Please note this event has been postponed. We apologise for any inconvenience caused and will update you as soon as we have a new date.
In the late 1970s, workers at Lucas Aerospace Ltd. responded to the threat of redundancy with an innovative and radical plan to save their jobs, and the company. Designing what they called “socially useful” and “environmentally sustainable alternatives” to the military products their company made, the impact of their work would be much greater than they could have envisaged.
Building wind turbines, a hybrid car, heat pumps, and energy-efficient housing, the workers of Lucas Aerospace, in essence, turned what was once a destructive company into one that making a different kind of contribution to the world. Their ‘plan’ subsequently earned them a Nobel Peace Prize nomination in 1979.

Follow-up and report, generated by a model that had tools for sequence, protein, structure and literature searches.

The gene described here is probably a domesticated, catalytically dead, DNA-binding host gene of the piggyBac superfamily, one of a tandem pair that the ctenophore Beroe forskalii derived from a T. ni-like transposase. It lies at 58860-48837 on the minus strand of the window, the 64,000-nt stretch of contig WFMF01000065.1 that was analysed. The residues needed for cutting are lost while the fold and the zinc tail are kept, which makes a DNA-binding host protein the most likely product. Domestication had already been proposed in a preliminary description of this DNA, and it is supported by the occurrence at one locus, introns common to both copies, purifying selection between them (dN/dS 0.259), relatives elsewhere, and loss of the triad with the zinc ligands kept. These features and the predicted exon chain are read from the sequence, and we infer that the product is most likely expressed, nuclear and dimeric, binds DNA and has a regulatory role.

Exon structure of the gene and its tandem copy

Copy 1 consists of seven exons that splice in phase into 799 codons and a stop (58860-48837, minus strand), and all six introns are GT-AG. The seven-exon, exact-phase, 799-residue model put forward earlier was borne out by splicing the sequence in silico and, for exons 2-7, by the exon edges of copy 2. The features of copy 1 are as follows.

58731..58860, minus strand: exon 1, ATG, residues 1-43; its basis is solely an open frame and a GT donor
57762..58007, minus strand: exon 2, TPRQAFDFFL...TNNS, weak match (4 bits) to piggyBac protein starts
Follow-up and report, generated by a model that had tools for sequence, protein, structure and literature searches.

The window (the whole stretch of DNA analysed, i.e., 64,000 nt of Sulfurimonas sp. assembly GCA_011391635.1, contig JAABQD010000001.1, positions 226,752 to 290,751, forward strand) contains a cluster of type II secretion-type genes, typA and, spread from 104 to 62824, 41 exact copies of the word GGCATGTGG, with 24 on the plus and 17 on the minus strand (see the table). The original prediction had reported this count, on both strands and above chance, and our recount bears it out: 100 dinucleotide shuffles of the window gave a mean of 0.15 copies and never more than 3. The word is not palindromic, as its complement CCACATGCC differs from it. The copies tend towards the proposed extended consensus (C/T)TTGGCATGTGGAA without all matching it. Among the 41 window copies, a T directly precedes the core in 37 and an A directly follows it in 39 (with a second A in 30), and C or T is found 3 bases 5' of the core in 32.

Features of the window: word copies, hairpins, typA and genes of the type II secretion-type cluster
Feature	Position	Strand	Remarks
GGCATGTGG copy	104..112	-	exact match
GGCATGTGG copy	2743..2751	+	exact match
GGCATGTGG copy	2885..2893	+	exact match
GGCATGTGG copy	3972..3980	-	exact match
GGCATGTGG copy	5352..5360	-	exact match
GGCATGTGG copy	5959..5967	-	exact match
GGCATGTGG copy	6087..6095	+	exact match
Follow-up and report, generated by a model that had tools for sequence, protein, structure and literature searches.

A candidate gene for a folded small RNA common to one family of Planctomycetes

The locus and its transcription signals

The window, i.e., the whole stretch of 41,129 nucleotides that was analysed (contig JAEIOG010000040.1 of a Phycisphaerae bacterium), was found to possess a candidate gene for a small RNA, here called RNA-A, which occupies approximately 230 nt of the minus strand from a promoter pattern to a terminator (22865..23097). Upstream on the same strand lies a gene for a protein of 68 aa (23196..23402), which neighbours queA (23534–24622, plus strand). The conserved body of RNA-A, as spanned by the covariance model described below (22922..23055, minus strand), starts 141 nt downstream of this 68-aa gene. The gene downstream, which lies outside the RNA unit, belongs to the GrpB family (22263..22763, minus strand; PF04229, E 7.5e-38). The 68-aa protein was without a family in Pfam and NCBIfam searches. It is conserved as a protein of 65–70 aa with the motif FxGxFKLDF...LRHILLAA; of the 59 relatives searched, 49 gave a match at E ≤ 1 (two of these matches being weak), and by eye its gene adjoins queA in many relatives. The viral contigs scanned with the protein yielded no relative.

Combining archive material and contemporary footage, The Plan That Came From The Bottom Up shows how the engineers at Lucas Aerospace developed a radical new worker-led model for production and economic growth; one that grew out of deep reflection on the broader social, environmental and political implications of their work. Society may now have forgotten their heroism. But in an era in which armed conflict and the climate crisis loom large as major global issues, their story presents a vital, and perhaps instructive, piece of recent industrial history.
The Plan That Came From The Bottom Up is a film presented in two parts, followed by a panel discussion. The running order for the screening is as follows:
Part 1: 14:00 – 16:00
Part 2: 16:30 – 18:00
18:00 – 18:45: Panel discussion
The panel will include Hilary Wainwright, editor of Red Pepper and a Fellow of the Transnational Institute, and John Routley, a former Lucas Aerospace Shop Steward.